When one looks at the political situation across the world, this process of abuse can be seen everywhere. It screams out at us from the newspapers and news media all the time. The western powers give a fig leaf of a justification and bomb nations whose resources they wish to have an easy and cheap access to. They create blockades that put millions of people into misery. Religious leaders actively feed these wars and the oppression. Can these leaders, the hangers on who rake in the financial benefits of these violations and their followers ever be helped to see themselves in the mirror? Would a religious fanatic or an economic fundamentalist listen to anything except his echo? Is there a lamp waiting to be lit in their hearts?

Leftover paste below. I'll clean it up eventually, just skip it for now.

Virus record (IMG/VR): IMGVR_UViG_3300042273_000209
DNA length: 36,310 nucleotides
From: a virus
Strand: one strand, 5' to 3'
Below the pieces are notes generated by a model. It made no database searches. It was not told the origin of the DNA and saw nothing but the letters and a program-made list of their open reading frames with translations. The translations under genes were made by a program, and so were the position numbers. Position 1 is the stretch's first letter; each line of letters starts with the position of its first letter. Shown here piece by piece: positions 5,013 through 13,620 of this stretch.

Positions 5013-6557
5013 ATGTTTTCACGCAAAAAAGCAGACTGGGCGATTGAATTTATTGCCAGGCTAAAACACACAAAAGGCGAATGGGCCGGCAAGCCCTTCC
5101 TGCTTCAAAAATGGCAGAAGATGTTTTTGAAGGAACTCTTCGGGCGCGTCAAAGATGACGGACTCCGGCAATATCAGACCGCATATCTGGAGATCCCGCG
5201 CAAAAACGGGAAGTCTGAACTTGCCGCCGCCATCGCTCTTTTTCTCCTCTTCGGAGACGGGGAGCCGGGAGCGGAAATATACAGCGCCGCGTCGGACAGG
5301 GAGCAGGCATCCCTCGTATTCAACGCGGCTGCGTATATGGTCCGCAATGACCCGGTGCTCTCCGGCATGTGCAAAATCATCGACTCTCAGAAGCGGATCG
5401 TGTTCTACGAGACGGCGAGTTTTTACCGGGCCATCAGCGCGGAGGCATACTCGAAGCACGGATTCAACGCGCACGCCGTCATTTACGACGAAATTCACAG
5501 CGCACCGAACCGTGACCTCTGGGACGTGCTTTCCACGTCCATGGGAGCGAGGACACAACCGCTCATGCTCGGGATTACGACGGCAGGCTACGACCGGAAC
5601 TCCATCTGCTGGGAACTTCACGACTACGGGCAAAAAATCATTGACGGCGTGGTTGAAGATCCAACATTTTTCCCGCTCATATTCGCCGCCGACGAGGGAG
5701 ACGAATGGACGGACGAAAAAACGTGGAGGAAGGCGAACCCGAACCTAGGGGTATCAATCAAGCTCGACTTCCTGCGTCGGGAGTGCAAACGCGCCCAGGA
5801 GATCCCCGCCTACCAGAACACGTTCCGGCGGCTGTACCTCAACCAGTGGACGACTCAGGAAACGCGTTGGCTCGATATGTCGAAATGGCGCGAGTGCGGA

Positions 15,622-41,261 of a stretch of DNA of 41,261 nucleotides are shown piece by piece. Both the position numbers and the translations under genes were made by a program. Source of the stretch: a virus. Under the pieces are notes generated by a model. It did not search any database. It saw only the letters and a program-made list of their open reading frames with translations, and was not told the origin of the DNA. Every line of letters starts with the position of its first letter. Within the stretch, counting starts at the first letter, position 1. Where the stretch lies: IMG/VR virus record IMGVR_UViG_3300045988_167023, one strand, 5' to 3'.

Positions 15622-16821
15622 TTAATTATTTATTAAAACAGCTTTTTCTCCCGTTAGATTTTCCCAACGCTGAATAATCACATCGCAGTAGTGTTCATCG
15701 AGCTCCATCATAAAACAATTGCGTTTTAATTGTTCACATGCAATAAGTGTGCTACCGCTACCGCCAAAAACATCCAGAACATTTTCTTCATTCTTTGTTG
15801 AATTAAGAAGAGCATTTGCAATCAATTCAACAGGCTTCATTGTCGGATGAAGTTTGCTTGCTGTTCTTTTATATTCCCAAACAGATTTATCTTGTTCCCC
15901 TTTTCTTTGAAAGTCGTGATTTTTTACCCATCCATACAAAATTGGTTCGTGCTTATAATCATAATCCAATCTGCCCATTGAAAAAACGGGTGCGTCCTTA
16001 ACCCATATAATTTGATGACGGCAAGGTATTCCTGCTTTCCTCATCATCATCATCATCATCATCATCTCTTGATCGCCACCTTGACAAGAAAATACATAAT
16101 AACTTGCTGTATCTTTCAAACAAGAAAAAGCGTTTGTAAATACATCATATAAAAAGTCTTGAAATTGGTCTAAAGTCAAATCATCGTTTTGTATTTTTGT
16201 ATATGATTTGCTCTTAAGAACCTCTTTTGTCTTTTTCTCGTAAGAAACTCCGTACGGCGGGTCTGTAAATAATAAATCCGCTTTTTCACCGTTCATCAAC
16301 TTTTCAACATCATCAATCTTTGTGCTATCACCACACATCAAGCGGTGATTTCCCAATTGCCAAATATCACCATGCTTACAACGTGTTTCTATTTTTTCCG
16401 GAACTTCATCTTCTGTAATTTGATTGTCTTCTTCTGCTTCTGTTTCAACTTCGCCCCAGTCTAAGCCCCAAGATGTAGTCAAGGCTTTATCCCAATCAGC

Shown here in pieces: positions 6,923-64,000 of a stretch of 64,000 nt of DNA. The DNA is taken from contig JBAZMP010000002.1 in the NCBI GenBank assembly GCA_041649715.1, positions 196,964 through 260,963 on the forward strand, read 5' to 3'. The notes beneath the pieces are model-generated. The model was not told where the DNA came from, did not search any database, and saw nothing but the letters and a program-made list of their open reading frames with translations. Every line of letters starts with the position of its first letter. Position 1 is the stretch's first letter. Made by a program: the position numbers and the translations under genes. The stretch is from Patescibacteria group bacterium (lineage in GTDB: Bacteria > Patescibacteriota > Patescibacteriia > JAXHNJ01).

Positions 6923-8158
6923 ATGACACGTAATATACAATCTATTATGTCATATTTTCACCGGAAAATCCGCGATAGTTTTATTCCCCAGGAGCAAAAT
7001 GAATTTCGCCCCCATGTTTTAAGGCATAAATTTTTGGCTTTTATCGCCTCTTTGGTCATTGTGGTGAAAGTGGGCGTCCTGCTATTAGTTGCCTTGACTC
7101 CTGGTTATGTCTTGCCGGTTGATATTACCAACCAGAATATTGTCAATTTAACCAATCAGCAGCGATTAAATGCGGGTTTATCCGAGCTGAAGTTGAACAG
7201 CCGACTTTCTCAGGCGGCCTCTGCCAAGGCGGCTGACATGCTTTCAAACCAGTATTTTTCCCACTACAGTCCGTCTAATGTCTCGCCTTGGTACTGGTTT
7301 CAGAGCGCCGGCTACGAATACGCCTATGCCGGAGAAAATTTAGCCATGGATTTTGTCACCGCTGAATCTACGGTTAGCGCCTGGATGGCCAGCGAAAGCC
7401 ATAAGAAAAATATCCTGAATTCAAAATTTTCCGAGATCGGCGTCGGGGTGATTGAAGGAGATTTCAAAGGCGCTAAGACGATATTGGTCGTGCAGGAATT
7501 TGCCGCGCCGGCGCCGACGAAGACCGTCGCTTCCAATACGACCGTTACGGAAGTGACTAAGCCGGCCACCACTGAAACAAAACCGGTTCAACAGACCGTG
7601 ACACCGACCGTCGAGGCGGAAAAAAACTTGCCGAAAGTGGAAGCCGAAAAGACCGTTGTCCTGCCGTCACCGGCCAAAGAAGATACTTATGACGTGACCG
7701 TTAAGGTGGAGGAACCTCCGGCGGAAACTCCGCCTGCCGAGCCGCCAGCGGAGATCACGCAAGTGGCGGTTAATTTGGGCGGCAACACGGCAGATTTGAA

My work revolves around helping individuals, groups and organizations discover their Dhamma, and become “the best they can be”. This aligns with my own personal saadhana. I have restated this question for my self as follows: “how can I be in touch with the well spring of my love for the world and my love for my self simultaneously”